A central theme of the story is how champions of this new science drew on old iconographies to tell their tales, likening the creatures they discovered to dragons or biblical monsters, the worlds they evoked to scenes from the bible or popular poetry. It is a technique just as much in use today – in October this year, for example, the Geological Society of America’s now notorious press release, ‘Giant Kraken Lair Discovered’, provoked a frenzy of journalistic activity, and widespread frustration amongst scientists. ‘A cunning sea monster’ the release argued, could be responsible for a mysterious bone assemblage containing the remains of nine ichthyosaurs; ‘a kraken of such mythological proportions it would have sent Captain Nemo running for dry land.’ ‘Modern octopus will do this’ said palaeontologist Mark McMenamin, referring to the apparently purposeful arrangement of bones. ‘What if there was an ancient, very large sort of octopus, like the kraken of mythology? I think these things were captured by the kraken and taken to the midden and the cephalopod would take them apart.’ ‘Imagine an animal of the lizard tribe’ writes Gideon Mantell at the climax of his 1827 and 1833 treatises, ‘three or four times as large as the largest crocodile; having jaws, with teeth equal in size to the incisors of the rhinoceros; and crested with horns; such a creature must have been the Iguanadon!’ Whilst new technologies give greater opportunities for reconstructing past worlds – Walking with Dinosaurs is just one example of many – such passages show that the written word remains the most powerful way to capture the public imagination.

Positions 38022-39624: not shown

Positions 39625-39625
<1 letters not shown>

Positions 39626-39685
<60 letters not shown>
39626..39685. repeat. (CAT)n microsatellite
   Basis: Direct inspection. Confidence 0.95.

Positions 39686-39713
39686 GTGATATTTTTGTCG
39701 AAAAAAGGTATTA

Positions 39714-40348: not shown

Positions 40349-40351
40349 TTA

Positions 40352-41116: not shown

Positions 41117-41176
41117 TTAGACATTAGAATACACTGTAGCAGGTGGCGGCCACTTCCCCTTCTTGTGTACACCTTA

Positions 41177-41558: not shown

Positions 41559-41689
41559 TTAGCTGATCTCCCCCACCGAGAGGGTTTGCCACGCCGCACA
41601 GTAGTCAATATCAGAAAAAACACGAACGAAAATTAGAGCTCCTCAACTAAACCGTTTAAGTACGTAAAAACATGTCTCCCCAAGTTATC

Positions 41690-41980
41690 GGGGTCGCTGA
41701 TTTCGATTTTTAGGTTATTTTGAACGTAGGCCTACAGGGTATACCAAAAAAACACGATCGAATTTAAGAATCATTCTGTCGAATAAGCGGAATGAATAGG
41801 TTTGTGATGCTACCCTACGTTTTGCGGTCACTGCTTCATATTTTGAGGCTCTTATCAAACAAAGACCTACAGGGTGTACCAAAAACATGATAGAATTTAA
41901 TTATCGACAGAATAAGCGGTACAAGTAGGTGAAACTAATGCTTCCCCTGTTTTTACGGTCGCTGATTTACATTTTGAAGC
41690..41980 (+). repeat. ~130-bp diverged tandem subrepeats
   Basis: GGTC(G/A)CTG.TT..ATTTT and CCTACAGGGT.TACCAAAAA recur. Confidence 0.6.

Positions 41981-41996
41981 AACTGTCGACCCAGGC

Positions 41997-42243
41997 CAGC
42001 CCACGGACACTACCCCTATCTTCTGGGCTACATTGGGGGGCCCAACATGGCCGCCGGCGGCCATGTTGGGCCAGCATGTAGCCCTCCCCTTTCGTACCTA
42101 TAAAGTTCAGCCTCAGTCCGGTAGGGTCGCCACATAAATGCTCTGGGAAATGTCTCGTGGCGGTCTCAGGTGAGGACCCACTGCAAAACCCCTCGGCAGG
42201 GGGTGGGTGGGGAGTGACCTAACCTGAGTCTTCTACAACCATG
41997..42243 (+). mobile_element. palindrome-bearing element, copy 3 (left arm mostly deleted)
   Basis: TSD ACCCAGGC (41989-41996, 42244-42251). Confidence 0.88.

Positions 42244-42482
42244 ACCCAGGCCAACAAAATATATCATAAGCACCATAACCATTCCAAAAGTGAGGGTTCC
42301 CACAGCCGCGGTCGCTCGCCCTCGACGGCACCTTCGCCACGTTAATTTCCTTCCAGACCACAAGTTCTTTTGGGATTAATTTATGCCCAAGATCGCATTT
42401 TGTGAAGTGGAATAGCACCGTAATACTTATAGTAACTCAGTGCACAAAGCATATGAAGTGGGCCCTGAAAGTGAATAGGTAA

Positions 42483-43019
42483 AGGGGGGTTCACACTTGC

Analogies between the new science of geology and pre-existing ideas about the history of the Earth were being drawn on a subtler level too, particularly in attempting to reconcile the geologists’ story of creation with the biblical account. Probably the most often repeated story about the early days of geology is the idea that its early champions were at loggerheads with the religious establishment; rebellious scientists fighting against entrenched traditions and expectations. O’Connor’s examination of the literature of the period demonstrates the far less combative nature of this relationship. Science writers frequently drew on images and phrases from texts which remained key to the public’s perception of Earth history, such as Genesis, Paradise Lost and some contemporary poetry. Thus, Buckland analogises a pterodactyle and ‘Milton’s fiend’, Lyell compares the geologist to Byron’s Childe Harold, and Hell is frequently compared with the ancient world they were trying to understand. It was by incorporating, not challenging, these established ideas, that early geologists were able to make a name for themselves. In doing so, they created new narratives but – like the mythical monsters they drew comparisons with – these were based on familiar tropes.